The pointwise correlation coefficients of initial conditions of (left) 2-m temperature and (right) precipitation in June for FLOR phase-1 and -2 forecasts. The initial conditions are from 11-member mean of AM2.5 simulations for FLOR phase-1 forecasts, and from nudging process for FLOR phase-2 forecasts. The verification data used to calculate correlation coefficients are the GHCN gridded v2 2-m temperature over land at 0.5° resolution during 1983–2012 (Fan and Van den Dool 2008), and NOAA’s precipitation reconstruction over land at 0.5° resolution (Chen et al. 2002) during 1983–2011.

Fig. 1.

The pointwise correlation coefficients of initial conditions of (left) 2-m temperature and (right) precipitation in June for FLOR phase-1 and -2 forecasts. The initial conditions are from 11-member mean of AM2.5 simulations for FLOR phase-1 forecasts, and from nudging process for FLOR phase-2 forecasts. The verification data used to calculate correlation coefficients are the GHCN gridded v2 2-m temperature over land at 0.5° resolution during 1983–2012 (Fan and Van den Dool 2008), and NOAA’s precipitation reconstruction over land at 0.5° resolution (Chen et al. 2002) during 1983–2011.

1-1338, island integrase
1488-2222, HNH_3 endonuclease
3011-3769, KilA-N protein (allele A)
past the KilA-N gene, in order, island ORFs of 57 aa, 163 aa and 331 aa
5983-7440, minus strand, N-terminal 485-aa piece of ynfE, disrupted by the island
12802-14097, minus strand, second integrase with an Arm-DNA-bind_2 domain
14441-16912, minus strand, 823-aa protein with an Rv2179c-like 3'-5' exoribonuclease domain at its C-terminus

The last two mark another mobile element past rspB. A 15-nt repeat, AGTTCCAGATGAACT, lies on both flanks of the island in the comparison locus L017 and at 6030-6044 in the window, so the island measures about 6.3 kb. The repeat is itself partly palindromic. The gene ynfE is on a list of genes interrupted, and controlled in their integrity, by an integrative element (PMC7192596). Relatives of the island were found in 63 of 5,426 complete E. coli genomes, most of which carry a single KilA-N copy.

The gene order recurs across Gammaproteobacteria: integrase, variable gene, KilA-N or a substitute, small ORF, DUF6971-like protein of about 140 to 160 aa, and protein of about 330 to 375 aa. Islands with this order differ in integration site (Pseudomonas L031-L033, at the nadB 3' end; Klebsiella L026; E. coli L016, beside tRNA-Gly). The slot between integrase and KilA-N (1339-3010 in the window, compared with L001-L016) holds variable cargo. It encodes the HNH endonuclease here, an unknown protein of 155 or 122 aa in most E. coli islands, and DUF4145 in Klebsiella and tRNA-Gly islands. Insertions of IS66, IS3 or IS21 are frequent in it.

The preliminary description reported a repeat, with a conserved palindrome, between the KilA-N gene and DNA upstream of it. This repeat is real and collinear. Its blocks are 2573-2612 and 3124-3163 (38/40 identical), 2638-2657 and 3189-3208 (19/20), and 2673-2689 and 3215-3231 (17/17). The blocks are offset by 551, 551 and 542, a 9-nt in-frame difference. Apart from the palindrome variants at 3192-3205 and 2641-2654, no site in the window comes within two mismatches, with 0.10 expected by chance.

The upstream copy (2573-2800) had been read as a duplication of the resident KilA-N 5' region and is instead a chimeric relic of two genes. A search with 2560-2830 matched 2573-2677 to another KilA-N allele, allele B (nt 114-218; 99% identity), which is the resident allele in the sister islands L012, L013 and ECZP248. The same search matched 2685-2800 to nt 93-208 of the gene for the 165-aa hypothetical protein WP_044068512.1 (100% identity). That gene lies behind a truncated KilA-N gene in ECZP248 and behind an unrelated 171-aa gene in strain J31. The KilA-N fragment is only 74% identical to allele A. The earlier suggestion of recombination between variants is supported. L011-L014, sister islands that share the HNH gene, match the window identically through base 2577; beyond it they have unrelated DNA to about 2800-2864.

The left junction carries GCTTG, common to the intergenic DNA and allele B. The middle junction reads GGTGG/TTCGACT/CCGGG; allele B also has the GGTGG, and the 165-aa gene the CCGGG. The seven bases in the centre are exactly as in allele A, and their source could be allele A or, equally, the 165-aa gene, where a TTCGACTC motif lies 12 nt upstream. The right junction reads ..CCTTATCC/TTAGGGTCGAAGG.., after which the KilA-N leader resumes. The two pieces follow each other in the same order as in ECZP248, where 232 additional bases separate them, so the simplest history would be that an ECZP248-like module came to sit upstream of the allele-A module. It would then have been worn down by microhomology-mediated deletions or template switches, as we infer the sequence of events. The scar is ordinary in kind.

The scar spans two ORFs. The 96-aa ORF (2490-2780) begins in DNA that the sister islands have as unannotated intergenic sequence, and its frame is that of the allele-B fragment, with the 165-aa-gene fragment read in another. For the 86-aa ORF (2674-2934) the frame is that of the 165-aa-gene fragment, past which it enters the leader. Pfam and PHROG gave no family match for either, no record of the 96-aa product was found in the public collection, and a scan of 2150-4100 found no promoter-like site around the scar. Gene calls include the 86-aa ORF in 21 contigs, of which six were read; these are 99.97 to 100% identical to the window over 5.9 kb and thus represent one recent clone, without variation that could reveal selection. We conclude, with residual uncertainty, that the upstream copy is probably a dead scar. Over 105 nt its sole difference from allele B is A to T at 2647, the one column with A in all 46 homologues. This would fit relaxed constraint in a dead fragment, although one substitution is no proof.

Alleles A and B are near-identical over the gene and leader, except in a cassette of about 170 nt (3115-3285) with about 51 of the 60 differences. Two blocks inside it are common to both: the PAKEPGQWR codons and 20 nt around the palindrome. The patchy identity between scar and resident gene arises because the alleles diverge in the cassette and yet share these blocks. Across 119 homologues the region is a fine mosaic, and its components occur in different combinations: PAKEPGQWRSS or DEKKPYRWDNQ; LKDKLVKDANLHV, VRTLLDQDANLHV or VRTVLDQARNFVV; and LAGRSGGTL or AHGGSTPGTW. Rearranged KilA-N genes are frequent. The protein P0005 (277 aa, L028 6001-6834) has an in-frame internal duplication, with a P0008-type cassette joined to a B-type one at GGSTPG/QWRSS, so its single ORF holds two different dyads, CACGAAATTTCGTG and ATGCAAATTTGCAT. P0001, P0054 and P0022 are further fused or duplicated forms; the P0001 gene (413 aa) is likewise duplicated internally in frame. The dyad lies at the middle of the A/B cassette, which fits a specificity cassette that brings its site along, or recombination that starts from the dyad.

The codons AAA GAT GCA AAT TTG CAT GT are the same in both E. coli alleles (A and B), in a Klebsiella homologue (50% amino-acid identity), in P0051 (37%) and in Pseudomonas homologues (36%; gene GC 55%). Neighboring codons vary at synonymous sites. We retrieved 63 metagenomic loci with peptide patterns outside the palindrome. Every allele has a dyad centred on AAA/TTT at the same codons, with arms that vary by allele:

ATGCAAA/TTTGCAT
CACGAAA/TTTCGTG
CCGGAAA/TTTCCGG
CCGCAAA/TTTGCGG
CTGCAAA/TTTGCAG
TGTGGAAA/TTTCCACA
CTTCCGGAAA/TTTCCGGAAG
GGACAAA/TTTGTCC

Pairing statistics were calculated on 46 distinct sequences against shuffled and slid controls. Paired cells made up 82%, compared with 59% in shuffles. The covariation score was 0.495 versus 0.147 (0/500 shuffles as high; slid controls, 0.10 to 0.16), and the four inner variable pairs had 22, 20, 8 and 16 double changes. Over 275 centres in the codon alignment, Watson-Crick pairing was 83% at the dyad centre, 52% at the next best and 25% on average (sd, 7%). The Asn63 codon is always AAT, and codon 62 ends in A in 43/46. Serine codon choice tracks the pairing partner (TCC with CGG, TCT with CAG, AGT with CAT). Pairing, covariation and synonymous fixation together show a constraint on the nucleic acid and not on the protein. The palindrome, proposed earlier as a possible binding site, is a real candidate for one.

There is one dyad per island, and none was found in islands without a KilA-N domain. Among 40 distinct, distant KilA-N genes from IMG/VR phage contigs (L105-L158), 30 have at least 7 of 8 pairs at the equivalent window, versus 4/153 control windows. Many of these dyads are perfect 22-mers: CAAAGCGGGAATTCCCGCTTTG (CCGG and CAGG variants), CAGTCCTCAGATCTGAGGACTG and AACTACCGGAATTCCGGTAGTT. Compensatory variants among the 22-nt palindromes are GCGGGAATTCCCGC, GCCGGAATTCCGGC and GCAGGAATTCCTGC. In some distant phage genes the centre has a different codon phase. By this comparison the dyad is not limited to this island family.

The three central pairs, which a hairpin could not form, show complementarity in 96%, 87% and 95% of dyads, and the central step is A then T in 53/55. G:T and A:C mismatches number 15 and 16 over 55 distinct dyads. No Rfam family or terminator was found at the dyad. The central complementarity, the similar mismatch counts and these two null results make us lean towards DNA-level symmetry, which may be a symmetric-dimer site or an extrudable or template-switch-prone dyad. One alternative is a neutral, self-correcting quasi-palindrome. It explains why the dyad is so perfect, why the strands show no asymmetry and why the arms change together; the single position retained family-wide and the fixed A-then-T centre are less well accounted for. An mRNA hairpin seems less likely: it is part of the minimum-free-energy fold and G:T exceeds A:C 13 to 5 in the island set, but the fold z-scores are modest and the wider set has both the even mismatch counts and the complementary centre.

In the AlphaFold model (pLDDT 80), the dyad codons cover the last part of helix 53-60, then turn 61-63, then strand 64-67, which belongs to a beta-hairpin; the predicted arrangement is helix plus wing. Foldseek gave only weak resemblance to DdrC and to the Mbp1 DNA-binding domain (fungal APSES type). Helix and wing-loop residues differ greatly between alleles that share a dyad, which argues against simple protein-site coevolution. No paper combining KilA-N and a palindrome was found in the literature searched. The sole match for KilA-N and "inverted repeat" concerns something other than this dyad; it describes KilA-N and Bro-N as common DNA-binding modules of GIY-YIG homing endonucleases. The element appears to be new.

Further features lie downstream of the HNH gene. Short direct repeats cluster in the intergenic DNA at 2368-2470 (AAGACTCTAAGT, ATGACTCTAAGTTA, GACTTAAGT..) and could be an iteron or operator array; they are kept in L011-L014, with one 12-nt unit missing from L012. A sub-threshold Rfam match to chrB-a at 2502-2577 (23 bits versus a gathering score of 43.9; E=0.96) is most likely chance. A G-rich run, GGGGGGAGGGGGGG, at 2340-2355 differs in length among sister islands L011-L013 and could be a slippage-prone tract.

Fig. 2.

The pointwise correlation coefficients of JJA (left) 2-m temperature and (right) precipitation from FLOR phase-1 and -2 retrospective forecasts initialized on 1 June. The observations of temperature and precipitation used here are identical to those used in Fig. 1.

Fig. 2.